In many sci-fi and fantasy stories, we read about tattoos that can indicate messages. For example, in the Harry Potter series, Voldemort can alert his followers (aptly named the Death Eaters) that he is summoning them through their “Dark Mark” tattoos. In Neal Stephenson’s novel The Diamond Age, body has has become “constantly shifting mediatronic tattoos” that are powered by nanotech robopigments. Now, our modern technology is not terribly far away from these once-fictional depictions.
Over the last few years, color-changing nanotech tattoos have been in development in order to serve a biomedical purpose. These tattoos aim to alert a person to a change in their biochemistry or radiation exposure that could be detrimental to health.
While these are not quite yet a reality, it doesn’t seem so far away. There have been early proof-of-concept studies that have shown that these types of tattoos are possible to be engineered. They will not only be able to change color, but will also be able to provide the person with biomedical information, for example the onset of cancer.
In a 2017 study, researchers tattooed pigskin with molecular biosensors that, using color, indicated the levels of glucose, sodium, or pH levels in the skin’s fluids. An expansion of this study in 2019 had researchers sensing protein and also developing a smartphone readout generated by the tattoo information.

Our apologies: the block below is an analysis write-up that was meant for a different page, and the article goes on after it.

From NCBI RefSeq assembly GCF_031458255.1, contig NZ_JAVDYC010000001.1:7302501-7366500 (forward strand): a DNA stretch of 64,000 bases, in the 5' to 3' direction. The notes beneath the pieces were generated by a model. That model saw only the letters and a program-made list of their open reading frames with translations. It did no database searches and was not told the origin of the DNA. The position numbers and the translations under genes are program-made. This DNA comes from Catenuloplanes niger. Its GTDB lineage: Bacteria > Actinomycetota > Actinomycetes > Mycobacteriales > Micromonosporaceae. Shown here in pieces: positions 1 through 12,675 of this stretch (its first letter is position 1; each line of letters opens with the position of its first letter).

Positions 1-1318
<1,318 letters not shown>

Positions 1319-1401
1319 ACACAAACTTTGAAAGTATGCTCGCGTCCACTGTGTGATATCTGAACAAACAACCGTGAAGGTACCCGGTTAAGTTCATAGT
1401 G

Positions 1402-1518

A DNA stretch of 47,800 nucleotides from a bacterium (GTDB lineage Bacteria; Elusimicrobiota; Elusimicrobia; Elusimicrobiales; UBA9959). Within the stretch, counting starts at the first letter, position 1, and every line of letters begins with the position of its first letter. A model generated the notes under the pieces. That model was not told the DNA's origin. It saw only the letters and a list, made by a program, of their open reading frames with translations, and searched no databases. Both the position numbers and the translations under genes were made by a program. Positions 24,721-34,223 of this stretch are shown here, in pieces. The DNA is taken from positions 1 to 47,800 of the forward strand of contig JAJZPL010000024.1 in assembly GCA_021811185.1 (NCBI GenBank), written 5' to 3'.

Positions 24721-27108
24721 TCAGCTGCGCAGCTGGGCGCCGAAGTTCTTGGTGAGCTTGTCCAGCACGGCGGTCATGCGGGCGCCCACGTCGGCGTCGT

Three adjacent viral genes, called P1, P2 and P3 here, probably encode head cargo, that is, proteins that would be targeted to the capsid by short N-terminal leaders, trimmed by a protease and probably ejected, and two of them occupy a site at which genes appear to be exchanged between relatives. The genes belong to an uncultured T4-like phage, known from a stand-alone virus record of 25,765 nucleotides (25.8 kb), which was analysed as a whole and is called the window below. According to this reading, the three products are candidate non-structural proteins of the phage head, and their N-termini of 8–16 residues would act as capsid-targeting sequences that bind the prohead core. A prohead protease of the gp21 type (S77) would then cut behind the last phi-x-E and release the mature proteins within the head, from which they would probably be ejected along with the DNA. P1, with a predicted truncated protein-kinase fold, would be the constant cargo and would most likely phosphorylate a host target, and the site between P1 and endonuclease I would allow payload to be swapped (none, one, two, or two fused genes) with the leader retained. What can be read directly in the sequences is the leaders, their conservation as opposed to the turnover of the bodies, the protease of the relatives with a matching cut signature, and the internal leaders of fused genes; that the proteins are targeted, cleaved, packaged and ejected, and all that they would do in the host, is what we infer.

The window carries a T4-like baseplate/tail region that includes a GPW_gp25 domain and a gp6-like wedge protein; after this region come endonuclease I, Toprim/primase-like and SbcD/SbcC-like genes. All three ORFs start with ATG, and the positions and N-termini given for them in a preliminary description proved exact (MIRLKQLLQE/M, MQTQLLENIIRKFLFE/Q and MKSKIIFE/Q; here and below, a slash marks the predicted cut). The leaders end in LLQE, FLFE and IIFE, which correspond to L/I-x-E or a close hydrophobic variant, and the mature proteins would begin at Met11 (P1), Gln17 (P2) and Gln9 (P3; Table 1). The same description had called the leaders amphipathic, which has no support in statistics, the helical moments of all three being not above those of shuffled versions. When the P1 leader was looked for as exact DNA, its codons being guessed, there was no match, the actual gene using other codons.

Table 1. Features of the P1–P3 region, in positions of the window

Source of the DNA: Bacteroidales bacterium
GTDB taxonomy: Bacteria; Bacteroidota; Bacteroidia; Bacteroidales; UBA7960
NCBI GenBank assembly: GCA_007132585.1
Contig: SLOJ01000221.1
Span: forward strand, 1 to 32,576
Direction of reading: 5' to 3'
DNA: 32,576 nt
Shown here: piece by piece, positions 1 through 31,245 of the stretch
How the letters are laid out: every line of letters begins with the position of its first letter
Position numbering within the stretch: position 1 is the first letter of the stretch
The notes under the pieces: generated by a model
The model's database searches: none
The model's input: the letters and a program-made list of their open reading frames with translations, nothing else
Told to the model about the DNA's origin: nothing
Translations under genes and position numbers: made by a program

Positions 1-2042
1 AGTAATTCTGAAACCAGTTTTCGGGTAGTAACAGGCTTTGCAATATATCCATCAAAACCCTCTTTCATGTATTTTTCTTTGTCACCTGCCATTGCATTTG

Another study, done in 2018, showed that a tattoo made of engineered skin cells darkened when an imbalance of calcium occurred due to some types of cancer. These cancer-detecting tattoos were visible in mice.
Researchers are also looking into these types of tattoos for preventative measures such as “solar freckles” that are invisible until under UV exposure, when they turn blue, indicating that the person should apply sunscreen. There is also research being done into UV-absorbing tattoos that will protect the skin like a permanent layer of sunscreen.
Of course, beyond the medical implications, this means a whole lot of possibility for body art. Color-changing tattoos will be a reality and will allow for dynamic body art. Some will be able to be controlled and colors will be able to change by electromagnetic signal. That means that you’ll be able to “turn off” your tattoo whenever you’d like.
Of course, a lot of research has to go into these high tech inks in order to make sure they’re totally safe. As of now, a lot is still unknown about the currently used tattoo ink, but the US Food and Drug Administration has not looked into it to much since they do not seem to have safety problems on the whole. There is no evidence that concludes that tattoo pigments are detrimental or cause cancer.